Children of the Jacaranda Tree - Sahar Delijani
I wanted to read this novel from almost the moment I knew of its existence. The author was born in Tehran’s Evin Prison in 1983, where her mother was a political prisoner. The work explores the life of Iranian political prisoners in the 1980s, the mass killing of leftist prisoners in 1988, the ongoing impact of imprisonment on relationships between former prisoners and their children and the cycle of dissent and oppression in Iran, with its most recent manifestation in the mass protests after the 2009 presidential election. The narrative shifts back and forward in place and time and deals with a number of characters, all of whom are connected in some way to a group of women detained in Evin Prison in 1983.

The novel explores some interesting themes. As a reader with a long-standing interest in Iranian history, society and culture and a familiarity with modern Iranian politics, it should have enthralled me. But it didn’t. Instead, it was profoundly disappointing and I only finished reading it because it was short and because I generally finish books I start.

Part of the problem with the work is the confusing structure. Too many characters are introduced, it’s not easy to remember how all of them are related to each other and the work is too short for any of the characters to be developed in a meaningful way. While I have no problem in theory with a narrative which shifts back and forward in place and time, in this novel the effect is choppy. I suspect that the lack of flow would be an even greater problem for a reader who wasn’t familiar with the background to the narrative.

However, for me the biggest problem is the writing. Delijani has potential as a storyteller and writer, but someone needs to tell her to restrain her impulse to use similes to pad out every paragraph. Not every action, experience or emotion needs to be compared to something else. The overuse of similes is particularly problematic when the images make no sense or are frankly inappropriate. An example:
He had a slightly big head and rice-tray eyes that flashed back at his surroundings like a fawn on the run.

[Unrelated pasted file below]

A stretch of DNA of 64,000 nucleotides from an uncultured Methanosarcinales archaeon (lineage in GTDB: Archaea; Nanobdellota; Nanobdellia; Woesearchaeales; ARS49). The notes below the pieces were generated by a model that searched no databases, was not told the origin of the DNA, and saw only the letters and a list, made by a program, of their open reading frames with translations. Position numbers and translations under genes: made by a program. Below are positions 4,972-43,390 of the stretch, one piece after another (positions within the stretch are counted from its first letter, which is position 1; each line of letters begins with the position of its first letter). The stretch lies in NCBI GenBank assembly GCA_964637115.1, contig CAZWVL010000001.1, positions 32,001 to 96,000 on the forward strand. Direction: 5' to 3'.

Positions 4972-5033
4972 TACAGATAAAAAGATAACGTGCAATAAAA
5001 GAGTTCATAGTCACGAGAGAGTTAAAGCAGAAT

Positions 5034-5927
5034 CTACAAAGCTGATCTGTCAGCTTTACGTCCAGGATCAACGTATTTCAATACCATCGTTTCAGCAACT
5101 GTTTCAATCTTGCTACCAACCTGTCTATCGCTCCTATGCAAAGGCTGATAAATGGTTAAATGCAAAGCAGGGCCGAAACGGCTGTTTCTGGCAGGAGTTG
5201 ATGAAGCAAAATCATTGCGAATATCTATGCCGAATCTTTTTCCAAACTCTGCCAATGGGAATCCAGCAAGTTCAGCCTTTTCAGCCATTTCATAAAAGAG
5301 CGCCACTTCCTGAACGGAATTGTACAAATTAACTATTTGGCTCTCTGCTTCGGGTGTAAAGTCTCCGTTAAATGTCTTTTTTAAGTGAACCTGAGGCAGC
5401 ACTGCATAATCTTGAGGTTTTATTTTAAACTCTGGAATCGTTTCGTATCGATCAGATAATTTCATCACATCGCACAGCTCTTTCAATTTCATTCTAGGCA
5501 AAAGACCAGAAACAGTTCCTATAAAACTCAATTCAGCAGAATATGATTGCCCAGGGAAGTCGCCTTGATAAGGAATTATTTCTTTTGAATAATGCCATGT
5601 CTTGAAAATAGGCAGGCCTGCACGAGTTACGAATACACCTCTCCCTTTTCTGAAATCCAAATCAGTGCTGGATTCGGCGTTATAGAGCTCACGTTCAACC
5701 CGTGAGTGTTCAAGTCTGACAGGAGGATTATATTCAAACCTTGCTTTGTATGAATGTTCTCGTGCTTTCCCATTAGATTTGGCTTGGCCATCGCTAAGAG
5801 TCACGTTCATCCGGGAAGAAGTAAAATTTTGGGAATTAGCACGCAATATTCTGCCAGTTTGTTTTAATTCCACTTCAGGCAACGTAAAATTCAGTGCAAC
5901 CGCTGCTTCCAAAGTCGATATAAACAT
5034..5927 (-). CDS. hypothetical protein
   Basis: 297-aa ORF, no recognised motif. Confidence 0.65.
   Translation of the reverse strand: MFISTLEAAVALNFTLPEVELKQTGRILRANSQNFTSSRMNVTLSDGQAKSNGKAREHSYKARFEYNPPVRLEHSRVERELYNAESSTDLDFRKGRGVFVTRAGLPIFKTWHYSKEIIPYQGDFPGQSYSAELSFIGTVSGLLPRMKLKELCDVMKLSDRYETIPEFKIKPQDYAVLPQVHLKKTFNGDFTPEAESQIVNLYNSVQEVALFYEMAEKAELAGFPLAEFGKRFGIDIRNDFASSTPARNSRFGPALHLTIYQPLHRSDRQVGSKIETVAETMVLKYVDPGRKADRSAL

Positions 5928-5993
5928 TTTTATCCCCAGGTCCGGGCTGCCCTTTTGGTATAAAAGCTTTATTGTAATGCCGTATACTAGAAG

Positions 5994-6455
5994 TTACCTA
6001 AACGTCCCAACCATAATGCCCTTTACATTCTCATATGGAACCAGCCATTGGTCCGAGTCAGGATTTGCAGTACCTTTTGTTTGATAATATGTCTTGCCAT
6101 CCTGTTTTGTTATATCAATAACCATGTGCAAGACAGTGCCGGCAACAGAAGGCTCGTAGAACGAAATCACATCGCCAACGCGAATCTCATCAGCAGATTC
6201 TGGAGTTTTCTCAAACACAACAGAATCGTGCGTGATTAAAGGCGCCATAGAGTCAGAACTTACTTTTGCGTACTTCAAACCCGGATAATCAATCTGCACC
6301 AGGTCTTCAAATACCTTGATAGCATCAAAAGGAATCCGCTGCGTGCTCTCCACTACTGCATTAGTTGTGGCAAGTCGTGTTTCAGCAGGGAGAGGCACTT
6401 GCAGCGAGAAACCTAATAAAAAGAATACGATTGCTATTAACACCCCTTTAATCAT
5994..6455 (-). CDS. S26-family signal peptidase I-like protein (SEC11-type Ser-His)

As it happens, I know what a rice-tray looks like and while I haven't seen a fawn on the run, there can't be any similarity between the two.

Another animal-themed example:
She watches the reflections of the lights on the window, like eyes of sick pigeons staring.
Huh?

And what does this mean?
Inside, it was if her heart had been soaked in a pond of freezing light.
A sexual simile, which does not seem particularly apt:
It was the most silent lovemaking they’d ever had, like the sky had landed on them.
Here’s another unfortunate sexual image, describing a couple having a post-coital nap.
And they fell asleep in the scent of each other’s bodies, serene , like children content, collapsing after a long day at the beach. I highlighted dozens of these strange, inappropriate or just plain nonsensical similes and the odd inane metaphor. When the language is so distractingly bad, getting lost in the story becomes impossible.

I really hope that Delijani’s ability as a writer improves, because she has something to say. There were times when her writing moved me; for example, her description of a child being removed from her prisoner mother, the execution of another prisoner and the reaction of an Iranian expatriate who observed the events of 2009 on her computer screen. However, whatever Deljani has to say, in this novel she has not said it well. If and when she writes another novel, I'll be in no hurry to read it.